One aspect of this list that I found rather interesting is that rather than using traditional month names, the writer used number months, for example, “Fifthmonth” for May and “Seventhmonth” for July.  I encountered that use once before and am wondering if I should add “Numberedmonth” to my search methodology in the future. If you have thoughts about doing so, please leave a comment below.

Family Register 

Parents 
James Hawkes     Married      Margaret Esthers
Born                                           Born

                                            Children

Births.
Names.
Deaths.
20 Secondmonth 1771
Elizabeth Hawkes
16 Fourthmonth 1884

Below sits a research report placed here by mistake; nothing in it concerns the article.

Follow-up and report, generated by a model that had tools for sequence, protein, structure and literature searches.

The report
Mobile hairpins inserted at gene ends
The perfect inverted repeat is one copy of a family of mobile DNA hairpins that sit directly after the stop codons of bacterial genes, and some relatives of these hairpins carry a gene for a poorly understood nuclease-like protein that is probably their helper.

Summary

15 Tenthmonth 1772
James Hawkes
24 Fifthmonth 1857
25 Eleventhmonth 1774
Anna Hawkes
27 Seventhmonth
7 Secondmonth 1782
John Hawkes
27 Seventhmonth 1830
13 Fifthmonth 1783
Benjamin Hawkes
7 Secondmonth 1849
24 Eleventhmonth 1784
Eben R Hawkes
1 Tenthmonth 1853
29 Eighthmonth 1786
Margaret Hawkes
15 Eleventhmonth 1851
18 Eighthmonth 1789
Betsey Hawkes
15 Eleventhmonth 1851
27 Secondmonth 1792
Isiah Hawkes
3 Seventh-month 1858
13 Sixthmonth 1794
Eunice Hawkes
21 Tenthmonth 1844
18 Twelthmonth 1796
Aaron Hawkes
27 Sixthmonth 1866

I

Transcribed by Don Taylor 
Scarborough Historical Society 
14 Apr 2016 

Endnotes:
Because all dates are after 1752, they are presumed to be Gregorian.  I added a conversion for each of the months used for search purposes:
Secondmonth = February
Fourthmonth = April
Fifthmonth = May
Sixthmonth = June
Seventhmonth = July
Eighthmonth = August
Tenthmonth = October
Eleventhmonth = November
Twelthmonth = December